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Tackling the Top 3 Challenges in Behavioral Health

Analysis  |  By Christopher Cheney  
   December 01, 2021

Behavioral health is among the most challenging patient service offerings at health systems and hospitals.

Editor's note: This story appears in the November/December 2021 edition of HealthLeaders magazine.

HealthLeaders talked to several health system and hospital executives who identified three primary challenges in their behavioral health programs. They struggle with inadequate reimbursement for behavioral health services, patient access, and workforce shortages of psychiatrists and other behavioral health professionals.

Sabina Lim, MD, MPH, system vice president for behavioral health safety and quality at Mount Sinai Health System in New York, says inadequate reimbursement has far-reaching consequences. "One of the biggest challenges is the lack of appropriate reimbursement for behavioral health services. In many ways, this challenge drives a lot of the other issues. Most behavioral health providers are under-reimbursed. That affects the ability to attract workforce, which affects access issues."

Wayne Sparks, MD, senior medical director of behavioral health services at Atrium Health, says meeting the demand for patient access is a daunting challenge. "For us, the biggest challenge is access for patients to get care. We know there are many people dealing with mental health issues, and that has been on the rise even before the pandemic. One in five American adults have a diagnosed mental illness, and about half of those with chronic mental illness start before the age of 14. So, we are trying to do more to provide screening and access."

The shortage of psychiatrists is acute, he says. "There is a shortage of about 25,000 psychiatrists in the country. An amazing stat is that about 60% of practicing psychiatrists are over the age of 60. That is a frightening stat."

Behavioral health nurses are also in short supply, says Christian Thurstone, MD, director of behavioral health at Denver Health. "On the inpatient side, there are staffing shortages particularly with respect to nurses. We have 57 beds on the adult side, and our average daily census for the year is at about 41, but that is only because of staffing. If we were fully staffed, we believe we would fill all 57 beds every day. The challenge of hiring nurses and retaining them has been considerable and has limited our census."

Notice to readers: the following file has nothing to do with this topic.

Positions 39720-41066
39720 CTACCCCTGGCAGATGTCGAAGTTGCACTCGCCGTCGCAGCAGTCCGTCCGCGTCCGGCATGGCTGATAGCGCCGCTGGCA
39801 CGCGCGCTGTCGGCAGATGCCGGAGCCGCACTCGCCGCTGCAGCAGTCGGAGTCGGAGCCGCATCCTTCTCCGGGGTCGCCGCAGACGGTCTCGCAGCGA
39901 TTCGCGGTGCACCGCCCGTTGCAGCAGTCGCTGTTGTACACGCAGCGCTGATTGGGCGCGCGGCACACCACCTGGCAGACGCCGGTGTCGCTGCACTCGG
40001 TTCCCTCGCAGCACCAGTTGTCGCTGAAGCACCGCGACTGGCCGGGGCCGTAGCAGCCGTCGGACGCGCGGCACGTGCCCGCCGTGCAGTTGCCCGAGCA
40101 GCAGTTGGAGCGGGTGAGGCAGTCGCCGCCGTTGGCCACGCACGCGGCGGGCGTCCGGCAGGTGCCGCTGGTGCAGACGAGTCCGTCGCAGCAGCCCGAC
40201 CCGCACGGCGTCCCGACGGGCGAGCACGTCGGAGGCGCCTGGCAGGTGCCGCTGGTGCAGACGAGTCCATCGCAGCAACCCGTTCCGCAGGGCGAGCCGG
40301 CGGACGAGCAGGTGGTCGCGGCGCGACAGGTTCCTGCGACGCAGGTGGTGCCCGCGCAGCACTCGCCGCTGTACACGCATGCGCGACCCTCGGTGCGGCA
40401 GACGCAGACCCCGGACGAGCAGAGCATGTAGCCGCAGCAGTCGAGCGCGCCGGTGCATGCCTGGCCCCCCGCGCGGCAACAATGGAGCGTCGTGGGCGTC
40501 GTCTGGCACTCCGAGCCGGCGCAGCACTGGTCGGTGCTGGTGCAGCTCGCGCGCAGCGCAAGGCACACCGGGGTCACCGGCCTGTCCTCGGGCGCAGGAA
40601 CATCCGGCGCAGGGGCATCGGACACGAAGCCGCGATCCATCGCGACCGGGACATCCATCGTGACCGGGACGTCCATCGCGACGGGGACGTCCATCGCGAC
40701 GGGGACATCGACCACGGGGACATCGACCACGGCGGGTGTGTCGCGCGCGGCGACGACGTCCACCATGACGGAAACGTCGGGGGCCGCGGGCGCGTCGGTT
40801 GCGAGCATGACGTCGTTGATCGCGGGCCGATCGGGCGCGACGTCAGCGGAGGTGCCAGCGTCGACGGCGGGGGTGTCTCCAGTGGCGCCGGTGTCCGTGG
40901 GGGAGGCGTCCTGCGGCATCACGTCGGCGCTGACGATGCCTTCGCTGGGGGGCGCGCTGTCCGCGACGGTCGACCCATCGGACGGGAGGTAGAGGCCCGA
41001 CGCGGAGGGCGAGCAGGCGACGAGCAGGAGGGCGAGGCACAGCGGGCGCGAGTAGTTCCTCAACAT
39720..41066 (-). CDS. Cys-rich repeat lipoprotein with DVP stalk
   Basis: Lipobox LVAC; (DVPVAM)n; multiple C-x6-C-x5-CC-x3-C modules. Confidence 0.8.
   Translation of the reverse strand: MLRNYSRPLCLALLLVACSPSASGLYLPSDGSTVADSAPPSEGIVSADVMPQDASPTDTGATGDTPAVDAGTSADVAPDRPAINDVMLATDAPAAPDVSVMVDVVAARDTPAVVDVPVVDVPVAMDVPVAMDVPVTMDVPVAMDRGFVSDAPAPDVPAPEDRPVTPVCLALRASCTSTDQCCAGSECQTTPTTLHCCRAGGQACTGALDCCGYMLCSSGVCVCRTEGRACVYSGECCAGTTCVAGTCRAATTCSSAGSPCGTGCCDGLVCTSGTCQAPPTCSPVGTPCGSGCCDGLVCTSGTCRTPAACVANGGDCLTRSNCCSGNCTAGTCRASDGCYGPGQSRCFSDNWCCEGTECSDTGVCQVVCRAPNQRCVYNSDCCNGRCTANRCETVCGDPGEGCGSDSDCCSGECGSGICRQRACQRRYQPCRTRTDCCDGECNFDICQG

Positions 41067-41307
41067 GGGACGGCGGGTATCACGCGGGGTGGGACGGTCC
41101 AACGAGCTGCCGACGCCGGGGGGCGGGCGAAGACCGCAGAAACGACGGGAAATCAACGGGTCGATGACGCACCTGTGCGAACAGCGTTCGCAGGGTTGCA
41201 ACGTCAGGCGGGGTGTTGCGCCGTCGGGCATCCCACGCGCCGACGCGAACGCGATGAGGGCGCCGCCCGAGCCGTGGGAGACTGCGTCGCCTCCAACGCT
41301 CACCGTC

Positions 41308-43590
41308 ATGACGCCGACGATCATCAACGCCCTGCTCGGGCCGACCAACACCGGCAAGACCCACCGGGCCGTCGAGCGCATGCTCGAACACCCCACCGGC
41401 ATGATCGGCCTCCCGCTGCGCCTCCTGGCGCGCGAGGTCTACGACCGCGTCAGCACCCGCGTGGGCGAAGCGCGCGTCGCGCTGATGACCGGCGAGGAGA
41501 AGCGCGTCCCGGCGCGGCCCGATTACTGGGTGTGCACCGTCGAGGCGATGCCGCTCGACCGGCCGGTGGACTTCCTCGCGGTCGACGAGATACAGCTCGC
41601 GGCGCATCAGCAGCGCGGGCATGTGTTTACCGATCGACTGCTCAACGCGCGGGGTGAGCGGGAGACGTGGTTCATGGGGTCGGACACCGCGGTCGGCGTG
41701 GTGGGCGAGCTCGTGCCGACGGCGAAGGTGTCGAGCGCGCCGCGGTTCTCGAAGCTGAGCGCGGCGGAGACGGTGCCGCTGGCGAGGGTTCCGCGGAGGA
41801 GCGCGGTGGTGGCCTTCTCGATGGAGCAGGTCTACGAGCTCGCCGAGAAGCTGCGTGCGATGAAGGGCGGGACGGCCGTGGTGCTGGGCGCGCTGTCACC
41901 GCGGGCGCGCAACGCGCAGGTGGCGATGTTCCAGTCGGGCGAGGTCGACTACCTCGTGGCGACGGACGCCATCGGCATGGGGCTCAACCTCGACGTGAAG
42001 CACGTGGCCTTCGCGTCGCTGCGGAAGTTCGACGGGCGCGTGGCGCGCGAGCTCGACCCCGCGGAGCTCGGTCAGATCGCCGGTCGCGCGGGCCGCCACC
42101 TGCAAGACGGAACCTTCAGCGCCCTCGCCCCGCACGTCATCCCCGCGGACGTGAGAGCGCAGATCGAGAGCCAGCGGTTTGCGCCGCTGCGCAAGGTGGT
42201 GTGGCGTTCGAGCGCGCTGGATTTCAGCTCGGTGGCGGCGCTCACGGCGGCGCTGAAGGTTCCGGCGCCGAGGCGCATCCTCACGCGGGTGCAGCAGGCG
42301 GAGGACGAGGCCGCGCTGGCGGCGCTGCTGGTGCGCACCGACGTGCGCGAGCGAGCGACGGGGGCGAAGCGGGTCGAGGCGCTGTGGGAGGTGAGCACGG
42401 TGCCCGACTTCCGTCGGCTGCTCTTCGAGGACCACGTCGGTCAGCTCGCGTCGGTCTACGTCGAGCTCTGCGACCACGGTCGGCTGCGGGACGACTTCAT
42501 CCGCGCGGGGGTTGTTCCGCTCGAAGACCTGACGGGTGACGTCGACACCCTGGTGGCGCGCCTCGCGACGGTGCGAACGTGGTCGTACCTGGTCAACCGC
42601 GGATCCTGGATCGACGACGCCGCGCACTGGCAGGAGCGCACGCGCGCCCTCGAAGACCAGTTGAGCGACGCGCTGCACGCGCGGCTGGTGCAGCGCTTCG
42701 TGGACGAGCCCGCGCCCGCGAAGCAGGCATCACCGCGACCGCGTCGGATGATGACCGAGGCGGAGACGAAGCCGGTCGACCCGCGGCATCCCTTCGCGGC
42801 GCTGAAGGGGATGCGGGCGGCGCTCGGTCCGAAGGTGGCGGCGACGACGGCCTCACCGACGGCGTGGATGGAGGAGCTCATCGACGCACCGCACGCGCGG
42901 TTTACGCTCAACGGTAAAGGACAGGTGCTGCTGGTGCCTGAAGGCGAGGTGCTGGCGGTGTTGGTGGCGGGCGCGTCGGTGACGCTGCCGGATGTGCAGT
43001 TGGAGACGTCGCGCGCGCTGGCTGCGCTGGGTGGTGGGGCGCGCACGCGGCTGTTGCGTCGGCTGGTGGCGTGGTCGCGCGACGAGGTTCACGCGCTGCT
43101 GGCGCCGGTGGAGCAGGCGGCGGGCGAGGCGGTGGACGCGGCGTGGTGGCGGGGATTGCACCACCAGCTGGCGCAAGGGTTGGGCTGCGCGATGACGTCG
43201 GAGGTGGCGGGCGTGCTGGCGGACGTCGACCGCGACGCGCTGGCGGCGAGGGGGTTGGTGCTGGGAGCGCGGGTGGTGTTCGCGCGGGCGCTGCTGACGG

While these challenges exist, the health system executives also shared insights about how they solved these three top issues at their organizations.

Address inadequate reimbursement

A primary strategy to address inadequate reimbursement of behavioral health services is subsidization, says Doug Henry, PhD, vice president of the Allegheny Health Network Psychiatry and Behavioral Health Institute.

"What we do is rely on the generosity of our network and our enterprise, which is Highmark Health. AHN and Highmark recognize that underdiagnosed and undertreated mental health disorders are a great burden on the community. They contribute negatively to overall medical spend and community unwellness. Our health system is willing to accept losses in behavioral health for a larger cause, which is community wellness. It is both good business for the health network and good dedication to the community," he says.

Lim says subsidization is critical to keep Mount Sinai's behavioral health programs running. "We need to continue to be subsidized because our health system is heavily invested in behavioral health. They believe it is the right thing to do. Behavioral health needs keep growing and growing. So, the health system is invested, but it puts pressure on other parts of the health system. We have about a $200 million budget. We are close to meeting our direct costs, but the indirect costs are subsidized substantially."

Subsidization is necessary because patient revenue does not cover the costs of all behavioral health services, Sparks says. "We do get subsidy from the overall system because if we only relied on patient revenue, it would not cover what we are doing."